# Find the differential equation relating $v(t)$ and $i(t)$

Find the differential equation relating $$\v(t)\$$ and $$\i(t)\$$ of the AC circuit in the following figure.

My approah:
Considering the inductor:
$$v(t) = L\frac{di_{L}}{dt}$$ $$i_L = \frac{1}{L}\int v_{(t)} \,\mathrm{dt}$$

Considering the capacitor: $$i_{C} = C\frac{dv_{(t)}}{dt}$$

$$\therefore i_{(t)} = i_{L} + i_{C}$$ $$i_{(t)} = \frac{1}{L}\int v_{(t)} \,\mathrm{dt} + C\frac{dv_{(t)}}{dt}$$ $$\frac{d^2v_{(t)}}{dt^2} - \frac{1}{C}\frac{di_{(t)}}{dt} + \frac{1}{LC}v_{(t)} = 0$$

Is this correct? Please correct me.

• May want to use $\text{d}t^2$ in the denominator of the first term.
– jonk
Jun 1, 2020 at 7:02
• @jonk thanks for pointing that. Jun 2, 2020 at 1:00

I think there is a sign error in the current equation and therefore sign errors in the final result. If the direction of v(t) was flipped, the result would be correct i think.

• Arrow indicates the positive side of the voltage. So there's no sign error. Jun 1, 2020 at 10:28
• Interesting, i didn't know there was any controversy in the convention about the voltage arrow direction. I learned that the arrow is pointing from positive to negative potential. So i would argue that the positive potential would be in the right side of the figure. Is there any international norm or highly reliable textbook covering this? Jun 1, 2020 at 15:12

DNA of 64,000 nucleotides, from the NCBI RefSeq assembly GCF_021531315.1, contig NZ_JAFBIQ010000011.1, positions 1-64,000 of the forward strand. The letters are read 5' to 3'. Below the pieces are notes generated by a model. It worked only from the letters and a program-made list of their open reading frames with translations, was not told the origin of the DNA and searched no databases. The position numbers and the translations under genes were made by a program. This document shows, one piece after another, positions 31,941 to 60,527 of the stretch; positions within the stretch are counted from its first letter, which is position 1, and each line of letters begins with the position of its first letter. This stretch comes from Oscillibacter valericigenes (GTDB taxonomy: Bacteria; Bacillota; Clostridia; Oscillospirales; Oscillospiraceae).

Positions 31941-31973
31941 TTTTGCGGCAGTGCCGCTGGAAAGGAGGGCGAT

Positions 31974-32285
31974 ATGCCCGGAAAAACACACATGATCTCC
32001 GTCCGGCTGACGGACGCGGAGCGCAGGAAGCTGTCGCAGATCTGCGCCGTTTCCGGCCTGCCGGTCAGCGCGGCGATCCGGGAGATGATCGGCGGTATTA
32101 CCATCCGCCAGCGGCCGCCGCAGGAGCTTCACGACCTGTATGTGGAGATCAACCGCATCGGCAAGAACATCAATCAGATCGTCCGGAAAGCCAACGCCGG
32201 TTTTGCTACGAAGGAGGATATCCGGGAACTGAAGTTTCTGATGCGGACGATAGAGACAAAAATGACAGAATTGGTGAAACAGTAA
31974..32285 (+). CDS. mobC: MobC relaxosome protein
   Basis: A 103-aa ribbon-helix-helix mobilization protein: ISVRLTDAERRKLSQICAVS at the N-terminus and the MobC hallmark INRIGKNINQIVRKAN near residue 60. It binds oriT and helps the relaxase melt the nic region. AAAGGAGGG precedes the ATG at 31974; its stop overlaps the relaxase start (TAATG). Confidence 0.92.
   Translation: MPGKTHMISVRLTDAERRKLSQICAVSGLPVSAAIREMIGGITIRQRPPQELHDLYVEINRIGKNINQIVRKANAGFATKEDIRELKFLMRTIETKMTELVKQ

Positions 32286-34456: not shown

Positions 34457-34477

• Yes, it's called "passive sign convention". Jun 1, 2020 at 15:21

There is a sign error in your solution. Note, that i(t) and v(t) are not on the same direction. Thus i(t) = -(i_L(t) + i_C(t)).

You could verify your solution by applying Laplace transform. The complex impedance of L and C in parallel is s*L/(s^2*LC+1) and therefore we have V=-sL/(s^2*L*C+1)*I (the negative sign is due to the different directions of V and I). A little bit of algebra gives

s^2*V + 1/(L*C)V = - sI/C

Remembering that the multiplication with s is equal to taking the derivative, you end up with the differential equation.

• Arrow indicates the positive side of the voltage. So there's no sign error. Jun 1, 2020 at 10:28
• Yes, there is a sign error. If both voltage and current arrows point in the same direction, we have U=ZI. If they point in different directions the equation is U=-ZI.
– Hufi
Jun 1, 2020 at 10:40
• Please google "passive sign convention" and you'll get what I'm trying to say. Jun 1, 2020 at 10:59
• Obviously, not the same convention is used in all the countries! In Europe (or at least in the German speaking countries), if the voltage arrow points from A to B, the voltage V_AB is the difference of the potentials at A minus the potential at B. This means, that if V_AB>0 then the potential at point A is higher than that at point B. It seems that in the USA (or may be the English speaking countries), the contrary convention is used.
– Hufi
Jun 1, 2020 at 16:47
• I have never seen this German convention usage of the arrow for specifying $v(t)$, so I agree with @RohatKılıç regarding it not having a sign error. But in the end it is up to the OP to figure what notating is being used in the book he's using.
– jDAQ
Jun 2, 2020 at 2:42